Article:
The second large fire near Twizel in five weeks is a devastating blow for the region and reflects a wider issue that needs addressing, a North Otago farmer says.
A fire at Lake Ōhau ripped through about 1608ha after beginning yesterday morning and is still being fought this morning.
The fire was tracking south into grassy farmland and Department of Conservation land yesterday afternoon.
Five weeks ago, a fire near Lake Pukaki, near Twizel, burned through more than 3500ha of land, much of it wilding pines, on August 30.
North Otago Federated Farmers high country chairman Simon Williamson, a farm owner between Omarama and Twizel, said he had been woken by news of the fire after 3am.
"My neighbour across the road was evacuated ... we were very apprehensive."
Williamson said the retired land the fire was spreading through was a "huge risk" that had not been addressed.
"All this ground that's been locked up and hasn't been grazed is becoming a hazard to life.
"The fuel loading in the land is just huge."
Williamson said having two fires in the past month highlighted the dangers of retired land and wilding pines.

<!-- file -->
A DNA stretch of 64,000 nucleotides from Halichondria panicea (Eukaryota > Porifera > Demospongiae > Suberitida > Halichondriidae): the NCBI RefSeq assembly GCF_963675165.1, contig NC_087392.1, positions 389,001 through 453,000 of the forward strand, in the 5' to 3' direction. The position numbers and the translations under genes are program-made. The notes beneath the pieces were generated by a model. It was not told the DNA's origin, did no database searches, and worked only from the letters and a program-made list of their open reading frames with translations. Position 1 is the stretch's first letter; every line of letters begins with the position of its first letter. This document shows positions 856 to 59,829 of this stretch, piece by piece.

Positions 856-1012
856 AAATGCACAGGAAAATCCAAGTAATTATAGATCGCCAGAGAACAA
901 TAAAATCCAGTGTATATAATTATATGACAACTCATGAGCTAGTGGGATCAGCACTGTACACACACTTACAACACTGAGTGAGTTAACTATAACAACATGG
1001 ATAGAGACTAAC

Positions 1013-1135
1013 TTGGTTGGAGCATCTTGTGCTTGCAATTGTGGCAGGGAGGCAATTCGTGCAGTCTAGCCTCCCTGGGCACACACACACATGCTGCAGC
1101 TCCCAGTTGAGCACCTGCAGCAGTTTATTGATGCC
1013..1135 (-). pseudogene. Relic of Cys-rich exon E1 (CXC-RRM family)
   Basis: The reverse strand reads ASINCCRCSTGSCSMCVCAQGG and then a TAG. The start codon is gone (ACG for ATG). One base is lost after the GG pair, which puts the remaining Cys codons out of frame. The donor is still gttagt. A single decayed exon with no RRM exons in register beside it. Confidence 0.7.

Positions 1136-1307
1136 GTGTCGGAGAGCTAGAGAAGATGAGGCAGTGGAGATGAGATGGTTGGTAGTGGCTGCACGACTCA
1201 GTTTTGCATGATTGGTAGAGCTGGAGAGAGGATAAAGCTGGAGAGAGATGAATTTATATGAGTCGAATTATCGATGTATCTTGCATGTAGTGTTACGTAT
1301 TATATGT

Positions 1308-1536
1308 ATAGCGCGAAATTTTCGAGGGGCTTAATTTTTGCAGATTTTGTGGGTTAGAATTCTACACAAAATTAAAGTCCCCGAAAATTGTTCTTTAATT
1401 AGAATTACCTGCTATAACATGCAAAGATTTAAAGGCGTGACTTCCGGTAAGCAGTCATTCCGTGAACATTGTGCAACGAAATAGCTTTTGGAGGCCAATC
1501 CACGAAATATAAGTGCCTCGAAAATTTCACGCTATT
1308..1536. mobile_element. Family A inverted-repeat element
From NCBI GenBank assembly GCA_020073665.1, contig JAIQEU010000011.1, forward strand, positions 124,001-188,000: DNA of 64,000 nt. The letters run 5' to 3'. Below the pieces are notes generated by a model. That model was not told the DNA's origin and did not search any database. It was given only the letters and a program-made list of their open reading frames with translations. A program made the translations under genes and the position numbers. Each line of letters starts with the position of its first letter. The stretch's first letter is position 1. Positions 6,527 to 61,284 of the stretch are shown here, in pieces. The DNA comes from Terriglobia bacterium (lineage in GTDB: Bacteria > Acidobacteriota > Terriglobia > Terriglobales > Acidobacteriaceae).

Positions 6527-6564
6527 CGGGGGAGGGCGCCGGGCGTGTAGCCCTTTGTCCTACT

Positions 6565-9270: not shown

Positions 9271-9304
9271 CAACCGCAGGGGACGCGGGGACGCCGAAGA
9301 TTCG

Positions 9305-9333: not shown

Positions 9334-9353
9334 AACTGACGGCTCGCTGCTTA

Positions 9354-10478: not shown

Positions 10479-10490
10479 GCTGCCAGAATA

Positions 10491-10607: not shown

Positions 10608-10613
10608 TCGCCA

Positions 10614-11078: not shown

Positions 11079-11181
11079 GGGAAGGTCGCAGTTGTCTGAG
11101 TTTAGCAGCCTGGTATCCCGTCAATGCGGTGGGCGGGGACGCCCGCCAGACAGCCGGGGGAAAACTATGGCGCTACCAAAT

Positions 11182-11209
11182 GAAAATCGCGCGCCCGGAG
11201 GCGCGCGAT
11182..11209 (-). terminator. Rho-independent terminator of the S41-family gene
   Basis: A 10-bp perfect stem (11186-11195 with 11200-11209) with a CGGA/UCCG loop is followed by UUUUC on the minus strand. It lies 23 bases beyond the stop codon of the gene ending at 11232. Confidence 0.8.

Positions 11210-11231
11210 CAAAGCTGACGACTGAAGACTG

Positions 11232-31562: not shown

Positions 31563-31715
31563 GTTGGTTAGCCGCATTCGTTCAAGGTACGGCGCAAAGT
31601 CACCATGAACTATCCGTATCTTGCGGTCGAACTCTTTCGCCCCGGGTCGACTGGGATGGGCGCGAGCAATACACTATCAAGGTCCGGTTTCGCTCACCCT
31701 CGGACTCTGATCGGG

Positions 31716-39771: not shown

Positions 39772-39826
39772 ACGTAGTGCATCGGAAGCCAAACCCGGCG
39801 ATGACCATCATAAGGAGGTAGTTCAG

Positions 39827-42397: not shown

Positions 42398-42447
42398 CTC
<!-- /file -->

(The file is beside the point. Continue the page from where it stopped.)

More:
"People are saying they want to lock everything up and create a safe habitat, but you're not locking it up when it's not being grazed or managed ... you get one spark and it spreads and burns everything in sight."
Williamson said he heard of three or four farms that had lost livestock or had to move it.
"It's really disappointing. We've been warning of this for a long time ... once upon a time it was all grazing land.
"There's a mindset that grazing is bad and it kills wildlife, but the reality is these massive blazes are going to happen more and more and spread further and further."
Queenstown-based climate scientist Jim Salinger said Otago's fire season was now prolonged and pronounced due to climate change.
"The fire season is certainly getting earlier.
"These are not spring temperatures, these are summer temperatures ... in Queenstown today it was eight degrees above average."